|Rawls I 215
Tolerance/Rousseau/Rawls: when reasons for limiting tolerance are given, they often violate the principle of freedom. For example, Rousseau thought that people would not consider it possible to live together in peace with others whom they considered condemned. For loving them would be tantamount to hating God who punishes them. Anyone who looks at others as damned would have to fight or convert them according to Rousseau.
RawlsVsRousseau: Rousseau would not tolerate those religions which say that there is no redemption outside the church. (See Rousseau, The Social Contract, bk. IV, ch. VIII.)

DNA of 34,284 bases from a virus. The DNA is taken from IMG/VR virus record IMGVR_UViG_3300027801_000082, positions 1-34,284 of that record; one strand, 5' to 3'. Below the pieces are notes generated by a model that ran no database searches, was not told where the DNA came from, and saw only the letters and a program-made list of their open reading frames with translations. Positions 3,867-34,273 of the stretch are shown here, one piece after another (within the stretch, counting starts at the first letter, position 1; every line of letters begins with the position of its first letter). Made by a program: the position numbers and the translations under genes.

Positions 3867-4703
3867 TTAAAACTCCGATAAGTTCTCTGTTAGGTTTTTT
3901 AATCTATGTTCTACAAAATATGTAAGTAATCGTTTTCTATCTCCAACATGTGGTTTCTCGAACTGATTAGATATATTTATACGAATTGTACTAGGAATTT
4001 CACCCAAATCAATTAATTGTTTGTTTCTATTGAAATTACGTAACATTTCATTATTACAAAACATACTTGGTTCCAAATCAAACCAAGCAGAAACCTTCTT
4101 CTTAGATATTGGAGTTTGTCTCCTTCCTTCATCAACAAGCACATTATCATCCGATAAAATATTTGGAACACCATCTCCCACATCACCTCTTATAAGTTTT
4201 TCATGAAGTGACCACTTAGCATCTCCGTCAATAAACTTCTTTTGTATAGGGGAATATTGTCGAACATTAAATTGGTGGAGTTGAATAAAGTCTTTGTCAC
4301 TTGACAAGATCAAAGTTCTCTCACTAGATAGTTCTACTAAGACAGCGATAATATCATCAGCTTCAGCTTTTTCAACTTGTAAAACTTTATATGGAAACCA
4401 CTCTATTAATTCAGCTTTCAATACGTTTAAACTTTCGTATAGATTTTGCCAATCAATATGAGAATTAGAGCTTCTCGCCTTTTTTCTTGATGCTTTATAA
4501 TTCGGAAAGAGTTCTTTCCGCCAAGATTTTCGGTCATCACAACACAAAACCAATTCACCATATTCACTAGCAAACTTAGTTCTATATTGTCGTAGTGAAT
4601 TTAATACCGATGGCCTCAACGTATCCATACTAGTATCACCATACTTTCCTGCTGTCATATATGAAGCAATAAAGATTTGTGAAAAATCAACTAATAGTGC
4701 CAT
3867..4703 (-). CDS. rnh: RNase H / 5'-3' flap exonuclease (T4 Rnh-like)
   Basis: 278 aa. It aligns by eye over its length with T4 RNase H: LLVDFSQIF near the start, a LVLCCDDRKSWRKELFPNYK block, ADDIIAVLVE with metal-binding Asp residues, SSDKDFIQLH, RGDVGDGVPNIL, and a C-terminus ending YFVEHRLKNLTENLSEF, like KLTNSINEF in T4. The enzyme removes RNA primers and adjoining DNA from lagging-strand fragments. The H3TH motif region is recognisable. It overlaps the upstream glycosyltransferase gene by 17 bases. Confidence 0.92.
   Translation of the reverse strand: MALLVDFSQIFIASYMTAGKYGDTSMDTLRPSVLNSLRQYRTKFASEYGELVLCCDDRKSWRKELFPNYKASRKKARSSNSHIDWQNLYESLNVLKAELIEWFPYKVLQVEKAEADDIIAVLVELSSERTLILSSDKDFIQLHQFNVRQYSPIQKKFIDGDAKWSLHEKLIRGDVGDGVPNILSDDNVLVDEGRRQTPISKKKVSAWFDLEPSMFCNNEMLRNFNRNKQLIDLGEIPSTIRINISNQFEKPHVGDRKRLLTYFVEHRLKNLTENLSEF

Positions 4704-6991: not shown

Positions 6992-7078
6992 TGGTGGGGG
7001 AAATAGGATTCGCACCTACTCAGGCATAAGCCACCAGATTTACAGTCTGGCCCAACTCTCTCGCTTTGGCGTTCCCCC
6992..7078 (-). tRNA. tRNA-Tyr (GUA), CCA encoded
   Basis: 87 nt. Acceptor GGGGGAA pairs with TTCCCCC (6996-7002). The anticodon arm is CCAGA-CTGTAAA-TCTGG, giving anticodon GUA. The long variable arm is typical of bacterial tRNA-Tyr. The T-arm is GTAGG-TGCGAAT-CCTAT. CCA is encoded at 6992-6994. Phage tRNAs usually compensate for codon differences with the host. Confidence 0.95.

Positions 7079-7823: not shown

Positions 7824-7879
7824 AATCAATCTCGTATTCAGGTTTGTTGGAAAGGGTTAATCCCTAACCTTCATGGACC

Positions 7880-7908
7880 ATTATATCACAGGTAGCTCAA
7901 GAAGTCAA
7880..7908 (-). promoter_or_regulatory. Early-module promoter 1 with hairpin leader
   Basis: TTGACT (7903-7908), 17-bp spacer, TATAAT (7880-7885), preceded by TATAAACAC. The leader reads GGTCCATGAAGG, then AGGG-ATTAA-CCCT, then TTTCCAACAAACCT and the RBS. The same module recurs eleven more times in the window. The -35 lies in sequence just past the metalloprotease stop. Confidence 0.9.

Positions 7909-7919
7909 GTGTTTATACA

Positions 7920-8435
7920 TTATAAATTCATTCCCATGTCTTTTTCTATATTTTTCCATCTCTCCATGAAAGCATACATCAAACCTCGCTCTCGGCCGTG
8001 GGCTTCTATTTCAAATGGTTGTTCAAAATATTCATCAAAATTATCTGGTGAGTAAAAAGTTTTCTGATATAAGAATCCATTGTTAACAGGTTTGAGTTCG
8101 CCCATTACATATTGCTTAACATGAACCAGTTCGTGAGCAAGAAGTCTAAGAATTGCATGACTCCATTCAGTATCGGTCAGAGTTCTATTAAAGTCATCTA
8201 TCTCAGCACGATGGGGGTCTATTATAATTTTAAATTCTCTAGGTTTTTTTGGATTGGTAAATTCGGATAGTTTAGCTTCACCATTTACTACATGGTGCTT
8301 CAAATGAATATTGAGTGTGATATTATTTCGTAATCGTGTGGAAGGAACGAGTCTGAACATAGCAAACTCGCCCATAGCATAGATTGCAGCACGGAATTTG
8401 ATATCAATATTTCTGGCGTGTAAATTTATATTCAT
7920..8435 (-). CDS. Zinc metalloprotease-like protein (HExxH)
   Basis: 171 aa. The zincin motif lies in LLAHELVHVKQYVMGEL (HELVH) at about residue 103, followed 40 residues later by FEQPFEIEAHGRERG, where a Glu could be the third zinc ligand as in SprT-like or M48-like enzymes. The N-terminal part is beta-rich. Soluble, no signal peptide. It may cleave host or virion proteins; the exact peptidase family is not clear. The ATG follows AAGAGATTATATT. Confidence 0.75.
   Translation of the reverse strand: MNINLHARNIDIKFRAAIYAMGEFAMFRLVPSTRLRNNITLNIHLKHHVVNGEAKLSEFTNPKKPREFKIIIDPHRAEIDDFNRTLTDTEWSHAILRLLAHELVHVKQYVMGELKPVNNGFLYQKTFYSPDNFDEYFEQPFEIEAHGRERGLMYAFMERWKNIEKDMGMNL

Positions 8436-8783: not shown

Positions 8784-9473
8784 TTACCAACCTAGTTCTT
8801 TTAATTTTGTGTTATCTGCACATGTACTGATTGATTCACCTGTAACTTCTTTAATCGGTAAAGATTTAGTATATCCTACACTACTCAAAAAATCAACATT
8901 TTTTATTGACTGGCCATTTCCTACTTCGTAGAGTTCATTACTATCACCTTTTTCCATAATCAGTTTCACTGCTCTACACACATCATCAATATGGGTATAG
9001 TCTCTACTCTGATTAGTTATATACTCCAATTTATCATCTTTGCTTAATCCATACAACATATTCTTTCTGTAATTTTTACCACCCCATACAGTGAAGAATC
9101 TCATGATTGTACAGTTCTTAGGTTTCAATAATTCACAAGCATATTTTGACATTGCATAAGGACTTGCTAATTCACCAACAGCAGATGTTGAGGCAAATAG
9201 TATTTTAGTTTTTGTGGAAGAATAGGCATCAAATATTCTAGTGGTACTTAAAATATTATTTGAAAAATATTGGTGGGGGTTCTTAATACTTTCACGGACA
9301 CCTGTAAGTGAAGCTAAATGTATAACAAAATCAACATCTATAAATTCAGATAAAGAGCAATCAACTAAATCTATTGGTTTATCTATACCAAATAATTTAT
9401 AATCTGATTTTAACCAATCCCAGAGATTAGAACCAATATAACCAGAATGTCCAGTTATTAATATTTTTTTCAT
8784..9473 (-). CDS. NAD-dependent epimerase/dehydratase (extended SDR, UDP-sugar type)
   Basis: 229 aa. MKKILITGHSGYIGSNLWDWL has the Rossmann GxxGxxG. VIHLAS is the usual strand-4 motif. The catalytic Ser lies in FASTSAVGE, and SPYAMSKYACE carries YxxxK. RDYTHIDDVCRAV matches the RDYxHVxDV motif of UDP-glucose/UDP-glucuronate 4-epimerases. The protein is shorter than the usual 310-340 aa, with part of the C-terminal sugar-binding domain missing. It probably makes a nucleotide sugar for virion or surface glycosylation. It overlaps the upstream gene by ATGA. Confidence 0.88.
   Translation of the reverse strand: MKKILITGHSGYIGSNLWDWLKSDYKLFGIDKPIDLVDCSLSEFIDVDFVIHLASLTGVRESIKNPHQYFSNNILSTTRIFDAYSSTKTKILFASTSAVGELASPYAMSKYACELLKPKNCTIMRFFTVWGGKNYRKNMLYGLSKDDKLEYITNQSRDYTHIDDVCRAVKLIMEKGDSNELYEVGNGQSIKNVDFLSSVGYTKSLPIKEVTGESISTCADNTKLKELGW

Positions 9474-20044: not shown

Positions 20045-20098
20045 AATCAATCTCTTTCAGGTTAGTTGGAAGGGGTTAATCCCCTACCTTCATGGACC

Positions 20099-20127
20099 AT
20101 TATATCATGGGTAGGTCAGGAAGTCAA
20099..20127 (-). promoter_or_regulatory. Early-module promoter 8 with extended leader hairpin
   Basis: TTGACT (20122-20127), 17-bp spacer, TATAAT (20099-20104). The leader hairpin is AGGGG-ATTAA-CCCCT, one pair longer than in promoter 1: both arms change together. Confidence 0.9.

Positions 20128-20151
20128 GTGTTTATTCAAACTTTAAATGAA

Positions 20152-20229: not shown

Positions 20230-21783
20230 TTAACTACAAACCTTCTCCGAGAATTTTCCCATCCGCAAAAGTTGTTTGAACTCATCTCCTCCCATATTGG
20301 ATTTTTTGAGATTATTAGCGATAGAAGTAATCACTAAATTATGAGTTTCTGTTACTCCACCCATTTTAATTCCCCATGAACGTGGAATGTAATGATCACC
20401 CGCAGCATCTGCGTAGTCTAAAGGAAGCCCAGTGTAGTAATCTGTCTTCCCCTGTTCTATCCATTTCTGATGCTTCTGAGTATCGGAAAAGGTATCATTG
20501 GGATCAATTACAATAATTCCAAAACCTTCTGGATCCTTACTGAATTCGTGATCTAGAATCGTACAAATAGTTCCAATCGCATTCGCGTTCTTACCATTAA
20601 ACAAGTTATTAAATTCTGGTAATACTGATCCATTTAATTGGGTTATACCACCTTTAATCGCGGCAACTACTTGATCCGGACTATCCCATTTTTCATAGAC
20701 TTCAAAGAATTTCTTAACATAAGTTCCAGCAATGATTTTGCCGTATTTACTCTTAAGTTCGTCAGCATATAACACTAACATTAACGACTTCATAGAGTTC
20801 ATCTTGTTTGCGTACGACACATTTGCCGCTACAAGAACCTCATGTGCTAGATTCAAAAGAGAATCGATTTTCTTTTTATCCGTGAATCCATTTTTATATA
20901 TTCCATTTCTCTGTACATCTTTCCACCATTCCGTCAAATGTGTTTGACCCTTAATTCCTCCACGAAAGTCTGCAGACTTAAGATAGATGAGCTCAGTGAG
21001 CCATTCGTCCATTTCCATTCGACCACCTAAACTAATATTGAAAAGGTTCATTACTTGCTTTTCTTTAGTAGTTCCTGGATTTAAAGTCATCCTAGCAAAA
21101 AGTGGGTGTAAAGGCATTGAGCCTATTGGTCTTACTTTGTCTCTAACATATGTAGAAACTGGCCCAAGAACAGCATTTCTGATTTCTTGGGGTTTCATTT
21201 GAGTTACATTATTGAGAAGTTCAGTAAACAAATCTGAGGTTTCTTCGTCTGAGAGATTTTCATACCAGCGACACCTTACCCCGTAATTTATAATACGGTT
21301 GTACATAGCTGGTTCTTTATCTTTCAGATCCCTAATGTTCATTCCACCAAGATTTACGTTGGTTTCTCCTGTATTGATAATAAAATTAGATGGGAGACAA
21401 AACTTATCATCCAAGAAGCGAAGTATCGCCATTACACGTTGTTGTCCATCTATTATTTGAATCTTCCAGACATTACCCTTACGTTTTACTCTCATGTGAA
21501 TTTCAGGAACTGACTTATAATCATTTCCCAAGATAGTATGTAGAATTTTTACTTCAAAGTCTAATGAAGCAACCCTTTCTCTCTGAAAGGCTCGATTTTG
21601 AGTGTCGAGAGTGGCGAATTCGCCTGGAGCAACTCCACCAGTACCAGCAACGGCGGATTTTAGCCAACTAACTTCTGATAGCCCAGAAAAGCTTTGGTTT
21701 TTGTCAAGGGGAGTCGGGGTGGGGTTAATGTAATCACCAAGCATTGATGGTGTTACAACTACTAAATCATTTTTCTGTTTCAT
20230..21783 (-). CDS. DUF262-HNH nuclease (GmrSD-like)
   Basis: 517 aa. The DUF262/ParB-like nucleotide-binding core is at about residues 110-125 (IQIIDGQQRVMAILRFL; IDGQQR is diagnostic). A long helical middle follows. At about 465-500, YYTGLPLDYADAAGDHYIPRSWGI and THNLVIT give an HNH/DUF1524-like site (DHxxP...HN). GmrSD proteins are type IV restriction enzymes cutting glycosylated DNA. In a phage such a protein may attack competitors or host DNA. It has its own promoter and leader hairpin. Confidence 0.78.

Rawls: but the consequences are not based on experience. An a priori psychological argument, however plausible, is not sufficient to give up tolerance. Justice, on the other hand, assumes that disturbances of public order or freedom are detected in community experience._____________Explanation of symbols: Roman numerals indicate the source, arabic numerals indicate the page number. The corresponding books are indicated on the right hand side. ((s)…): Comment by the sender of the contribution. The note [Author1]Vs[Author2] or [Author]Vs[term] is an addition from the Dictionary of Arguments. If a German edition is specified, the page numbers refer to this edition.
J. J. Rousseau
Les Confessions, 1765-1770, publ. 1782-1789
The Confessions 1953
A Theory of Justice: Original Edition Oxford 2005